Broadcom slammed by cloud trade group amid claims it's "holding the sector to ransom" with VMware license changes

Sign in front of the Broadcom office on June 03, 2021 in San Jose, California
(Image credit: Getty Images)

A European cloud trade body has called for an investigation into Broadcom amid concerns over changes it has made to VMware licensing structures.

The Cloud Infrastructure Service Providers in Europe (CISPE) consortium called on regulatory and legislative bodies across Europe to investigate the changes Broadcom has made to the VMware operating model, which it says will “decimate” the region’s cloud infrastructure

“CISPE calls upon regulators, legislators and courts across Europe to swiftly scrutinize the actions of Broadcom in unilaterally canceling license terms for essential virtualisation software,” the trade body said in a statement.

Since acquiring VMware in November 2023, Broadcom has embarked on a comprehensive overhaul of software licensing at the firm, which has drawn widespread criticism from customers. 

The move was described as a ‘simplification’ of the VMware product portfolio by Broadcom CEO Hock Tan as the firm looks to shepherd customers from perpetual software licensing to a subscription only model.

Broadcom stated it would continue to support customers under a perpetual licensing agreement for the period defined in the contract, but following this customers would need to exchange any remaining licenses for subscription-based products.

This has left both cloud service vendors and customers in limbo, according to CISPE, without any solid information on how, when, or if they will be able to license VMware products essential for their operations from April 2024.

Moreover, even if they are able to relicense the VMware software, a number of customers reported dramatic price hikes of as much as 12 times.

Tan recently acknowledged the move had elicited ‘unease’ among customers and partners in a blog reflecting on the first 100 days since the Broadcom acquisition, but argued the changes were motivated by innovating faster and serving customers more effectively.

Broadcom accused of “holding the sector to ransom”

CISPE’s characterisation of the move was far less charitable, arguing Broadcom is using VMware’s market dominance, controlling almost 45% of the virtualization market, to charge exorbitant rents from cloud providers. 

Several CISPE members admitted that without the ability to license VMware products they will be unable to operate and will go bankrupt, with some stating that over 75% of their revenue depends on VMware virtualization tech.

Members added that they often received termination notices late, if at all, with short notice periods that spanned just a few weeks. 

In addition, CISPE also complained about the decision to remove hundreds of products without any notice, and re-bundle the outstanding products under new prohibitive contract terms, despite there being no changes to the products themselves.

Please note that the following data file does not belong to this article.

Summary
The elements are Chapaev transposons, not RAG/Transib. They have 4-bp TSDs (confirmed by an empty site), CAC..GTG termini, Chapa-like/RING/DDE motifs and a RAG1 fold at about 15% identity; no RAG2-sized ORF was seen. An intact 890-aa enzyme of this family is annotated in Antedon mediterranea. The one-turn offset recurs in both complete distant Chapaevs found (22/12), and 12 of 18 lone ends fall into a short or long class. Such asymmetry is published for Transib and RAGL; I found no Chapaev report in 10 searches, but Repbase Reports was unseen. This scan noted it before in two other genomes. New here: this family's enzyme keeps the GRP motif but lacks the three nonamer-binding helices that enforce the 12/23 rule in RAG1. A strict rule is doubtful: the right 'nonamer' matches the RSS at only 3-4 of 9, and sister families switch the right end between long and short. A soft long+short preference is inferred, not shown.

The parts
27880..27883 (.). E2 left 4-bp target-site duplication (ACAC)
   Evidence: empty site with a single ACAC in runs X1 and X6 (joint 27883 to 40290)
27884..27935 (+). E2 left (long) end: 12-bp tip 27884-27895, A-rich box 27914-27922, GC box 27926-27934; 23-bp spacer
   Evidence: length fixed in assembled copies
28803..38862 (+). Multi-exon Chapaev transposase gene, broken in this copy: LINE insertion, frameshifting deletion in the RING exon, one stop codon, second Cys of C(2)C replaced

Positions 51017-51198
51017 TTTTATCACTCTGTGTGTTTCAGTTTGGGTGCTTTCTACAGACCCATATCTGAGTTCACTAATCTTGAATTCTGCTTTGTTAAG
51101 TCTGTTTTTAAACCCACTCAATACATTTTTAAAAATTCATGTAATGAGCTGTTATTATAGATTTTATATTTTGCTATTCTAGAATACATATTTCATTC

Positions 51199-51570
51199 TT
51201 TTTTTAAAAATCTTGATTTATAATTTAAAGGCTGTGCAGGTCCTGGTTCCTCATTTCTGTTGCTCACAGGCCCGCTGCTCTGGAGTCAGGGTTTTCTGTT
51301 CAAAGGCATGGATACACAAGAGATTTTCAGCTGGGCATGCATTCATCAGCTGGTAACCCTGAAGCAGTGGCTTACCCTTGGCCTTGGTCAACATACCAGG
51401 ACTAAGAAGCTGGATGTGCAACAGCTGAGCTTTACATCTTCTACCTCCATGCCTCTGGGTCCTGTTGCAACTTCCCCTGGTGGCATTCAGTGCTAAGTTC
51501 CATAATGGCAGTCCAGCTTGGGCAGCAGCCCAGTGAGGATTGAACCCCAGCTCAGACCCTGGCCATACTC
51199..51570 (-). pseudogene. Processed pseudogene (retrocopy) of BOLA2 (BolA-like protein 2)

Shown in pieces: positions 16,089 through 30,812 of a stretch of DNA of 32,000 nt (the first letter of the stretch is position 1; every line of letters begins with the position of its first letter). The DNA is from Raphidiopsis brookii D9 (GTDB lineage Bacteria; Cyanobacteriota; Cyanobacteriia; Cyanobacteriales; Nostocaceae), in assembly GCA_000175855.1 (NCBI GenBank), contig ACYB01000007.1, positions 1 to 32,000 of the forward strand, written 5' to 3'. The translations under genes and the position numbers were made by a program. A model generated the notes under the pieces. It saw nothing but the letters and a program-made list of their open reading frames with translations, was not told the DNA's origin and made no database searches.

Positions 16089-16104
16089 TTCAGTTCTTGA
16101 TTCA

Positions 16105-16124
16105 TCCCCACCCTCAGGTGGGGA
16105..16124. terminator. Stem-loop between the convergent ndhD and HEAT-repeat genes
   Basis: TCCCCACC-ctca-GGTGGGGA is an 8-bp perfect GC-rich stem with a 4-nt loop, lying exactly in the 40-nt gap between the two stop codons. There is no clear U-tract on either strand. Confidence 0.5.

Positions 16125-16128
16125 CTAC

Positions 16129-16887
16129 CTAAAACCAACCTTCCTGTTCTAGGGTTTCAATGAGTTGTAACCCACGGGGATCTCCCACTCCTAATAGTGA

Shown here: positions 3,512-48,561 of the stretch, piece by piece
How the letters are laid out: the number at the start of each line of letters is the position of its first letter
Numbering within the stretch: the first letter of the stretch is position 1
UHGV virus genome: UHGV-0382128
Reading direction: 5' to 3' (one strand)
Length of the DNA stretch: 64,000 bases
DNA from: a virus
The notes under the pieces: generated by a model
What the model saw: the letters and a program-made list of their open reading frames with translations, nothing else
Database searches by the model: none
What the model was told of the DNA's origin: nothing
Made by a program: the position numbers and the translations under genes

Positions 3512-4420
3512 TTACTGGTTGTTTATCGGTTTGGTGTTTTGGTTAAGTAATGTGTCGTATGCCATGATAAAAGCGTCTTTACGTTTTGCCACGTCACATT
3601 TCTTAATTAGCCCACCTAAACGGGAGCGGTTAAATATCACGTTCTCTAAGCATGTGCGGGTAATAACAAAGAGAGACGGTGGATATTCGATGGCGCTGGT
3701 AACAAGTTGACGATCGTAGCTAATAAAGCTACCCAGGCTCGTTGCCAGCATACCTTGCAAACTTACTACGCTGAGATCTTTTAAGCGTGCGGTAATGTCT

Francisco Mingorance, secretary general of CISPE, said the changes will hurt both European customers and cloud service providers by increasing costs and reducing choice.

“At a time when our members are moving to support the requirements for switching and portability between cloud services outlined in the Data Act, Broadcom is holding the sector to ransom by leveraging VMware’s dominance of the virtualisation sector to enforce unfair license terms and extract unfair rents from European cloud customers,” Mingorance said.

CISPE noted that for some cloud sector applications that require certifications by software or service providers, VMware products are the only viable option. 

As such, the association called for Broadcom to be recognized as a designated gatekeeper under the terms of the Digital Markets Act (DMA) that came into force on 7 March 2024.

Mingorance argued Broadcom’s moves will only further restrict an already limited set of options for cloud providers in Europe, warning that Broadcom has a dangerous degree of control over the region’s digital ecosystems .

“As well as inflicting financial damage on the European digital economy, these actions will decimate Europe’s independent cloud infrastructure sector and further reduce the diversity of choice for customers,” he explained.

“Dominant software providers, in any sector from productivity software to virtualisation, must not be allowed to wield life or death power over Europe’s digital ecosystems”.

Solomon Klappholz
Staff Writer

Solomon Klappholz is a Staff Writer at ITPro. He has experience writing about the technologies that facilitate industrial manufacturing which led to him developing a particular interest in IT regulation, industrial infrastructure applications, and machine learning.